There is a traditional Chinese proverb “百善孝为先” meaning that “filial piety is the most important among hundreds of virtues”. Filial piety is one of the fundamental virtue and primary duty in Asian culture, which means that being good to one’s parents. This idea is often used to guide how children should treat their parents in terms of comforts and welfare. Further, filial piety is a culturally embedded social norm, which allows parents to shape their children’s value, attitudes and behavior (Wang et al. 2010, 22).
What is dear to the gods is dear to them because it is loved by them, not loved by them because it is dear to them. If piety is what is dear to the gods, piety must be dear to them because they love it. The thought is that what the god’s value, they value because they love that thing. Socrates also, points out the differences between the Gods and what is loved by some of them is hated by another gods. Therefore, what is pious to some gods would be impious to another gods.
A significant feature in Confucian tradition regards the concept of “xiao”, or filial piety, a virtue of respect for one’s parents and ancestors. Recently, this concept has obtained increased interest, as many are analyzing possible interpretations and meanings to various Confucius passages. This paper discusses more specifically the motivation or reasoning behind some acts of filial piety, arguing that a son’s filial actions stem from basic human nature versus lying within moral uprightness. The discussion begins with a survey of existing views on the topic before introducing the crux of the essay and possible objections. One particular controversial passage portrays a conversation between the governor of She and Confucius.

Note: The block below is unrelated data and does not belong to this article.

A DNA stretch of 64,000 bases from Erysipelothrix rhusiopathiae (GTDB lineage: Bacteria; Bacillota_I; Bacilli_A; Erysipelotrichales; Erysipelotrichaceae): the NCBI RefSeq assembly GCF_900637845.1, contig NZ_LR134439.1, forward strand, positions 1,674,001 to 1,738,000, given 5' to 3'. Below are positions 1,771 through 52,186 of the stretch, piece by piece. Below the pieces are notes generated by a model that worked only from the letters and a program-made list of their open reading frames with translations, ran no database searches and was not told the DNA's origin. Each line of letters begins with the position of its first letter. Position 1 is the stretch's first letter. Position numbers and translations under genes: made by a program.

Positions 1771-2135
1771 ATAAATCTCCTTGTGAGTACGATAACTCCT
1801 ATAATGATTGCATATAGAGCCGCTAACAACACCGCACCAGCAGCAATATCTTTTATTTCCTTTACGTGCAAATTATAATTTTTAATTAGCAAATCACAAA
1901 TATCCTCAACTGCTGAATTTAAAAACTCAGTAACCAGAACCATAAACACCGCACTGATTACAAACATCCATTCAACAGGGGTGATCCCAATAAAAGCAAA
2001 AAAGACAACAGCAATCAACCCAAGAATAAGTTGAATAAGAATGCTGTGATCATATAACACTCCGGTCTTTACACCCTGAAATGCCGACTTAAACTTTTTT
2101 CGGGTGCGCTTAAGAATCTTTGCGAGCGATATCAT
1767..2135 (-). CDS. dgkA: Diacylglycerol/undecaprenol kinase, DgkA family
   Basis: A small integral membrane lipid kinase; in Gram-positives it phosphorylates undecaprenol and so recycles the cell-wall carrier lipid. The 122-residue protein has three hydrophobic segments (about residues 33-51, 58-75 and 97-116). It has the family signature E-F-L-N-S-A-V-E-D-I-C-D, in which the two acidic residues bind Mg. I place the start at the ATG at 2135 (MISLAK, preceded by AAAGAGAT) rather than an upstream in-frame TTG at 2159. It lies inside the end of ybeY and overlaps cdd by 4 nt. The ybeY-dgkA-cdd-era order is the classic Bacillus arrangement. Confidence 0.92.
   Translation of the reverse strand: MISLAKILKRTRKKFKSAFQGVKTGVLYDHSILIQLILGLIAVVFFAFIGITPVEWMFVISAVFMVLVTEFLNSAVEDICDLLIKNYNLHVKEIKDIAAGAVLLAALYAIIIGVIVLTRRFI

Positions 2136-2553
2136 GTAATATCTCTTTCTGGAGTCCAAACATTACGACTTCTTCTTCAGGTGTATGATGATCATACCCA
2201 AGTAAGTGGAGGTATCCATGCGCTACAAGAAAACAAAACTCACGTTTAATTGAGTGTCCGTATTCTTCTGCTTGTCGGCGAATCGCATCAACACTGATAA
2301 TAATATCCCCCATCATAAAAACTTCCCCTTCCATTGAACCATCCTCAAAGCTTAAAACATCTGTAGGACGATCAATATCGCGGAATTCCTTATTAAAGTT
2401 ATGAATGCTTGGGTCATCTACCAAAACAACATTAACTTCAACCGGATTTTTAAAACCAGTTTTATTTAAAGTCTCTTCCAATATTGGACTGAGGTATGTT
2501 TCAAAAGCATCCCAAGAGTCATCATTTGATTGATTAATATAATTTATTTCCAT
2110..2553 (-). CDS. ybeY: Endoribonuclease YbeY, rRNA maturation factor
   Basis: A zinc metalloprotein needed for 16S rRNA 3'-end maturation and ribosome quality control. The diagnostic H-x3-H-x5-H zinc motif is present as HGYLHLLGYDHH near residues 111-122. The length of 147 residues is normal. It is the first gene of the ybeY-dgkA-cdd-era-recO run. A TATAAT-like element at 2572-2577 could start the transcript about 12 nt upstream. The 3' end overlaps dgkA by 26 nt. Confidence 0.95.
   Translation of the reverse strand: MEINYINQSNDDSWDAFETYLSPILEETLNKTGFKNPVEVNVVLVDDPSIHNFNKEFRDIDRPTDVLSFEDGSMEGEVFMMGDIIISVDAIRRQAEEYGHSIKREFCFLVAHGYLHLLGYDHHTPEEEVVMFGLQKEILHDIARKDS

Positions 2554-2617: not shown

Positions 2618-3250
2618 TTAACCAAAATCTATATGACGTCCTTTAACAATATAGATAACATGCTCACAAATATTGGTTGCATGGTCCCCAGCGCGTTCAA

These moral principles or rites are acts performed by human beings with the purpose of bringing ‘aligning’ in the world. This is understood as bringing order in the relationships between men and women, the young and the elderly etc. It can also be applied to relationships of non-human beings, such as animals, or even inanimate entities such as rain. Liji, from an ideological perspective, is meant to bring humanness and to unite beings. Liji gained in China an exceptional value.
The society of Rome and Han China demonstrated the values of Ancient Rome. Ovid, an Ancient Roman poet, wrote “don’t delight in curling your hair with tongs” in regard to how to look in public places (PSR 58). The fact that he, a Roman, advocated remaining unadorned in appearance reveals simplicity because the most basic form of societal living was supported by not “delighting” in unnecessarily beautifying oneself. The Han concept of filial piety centralizes on respecting your elders and those who are superior to you (Presentation Society and Culture). As a result, the side of honesty that deals with fairness in conduct is brought out by filial piety because of the respectful treatment of other people required by it.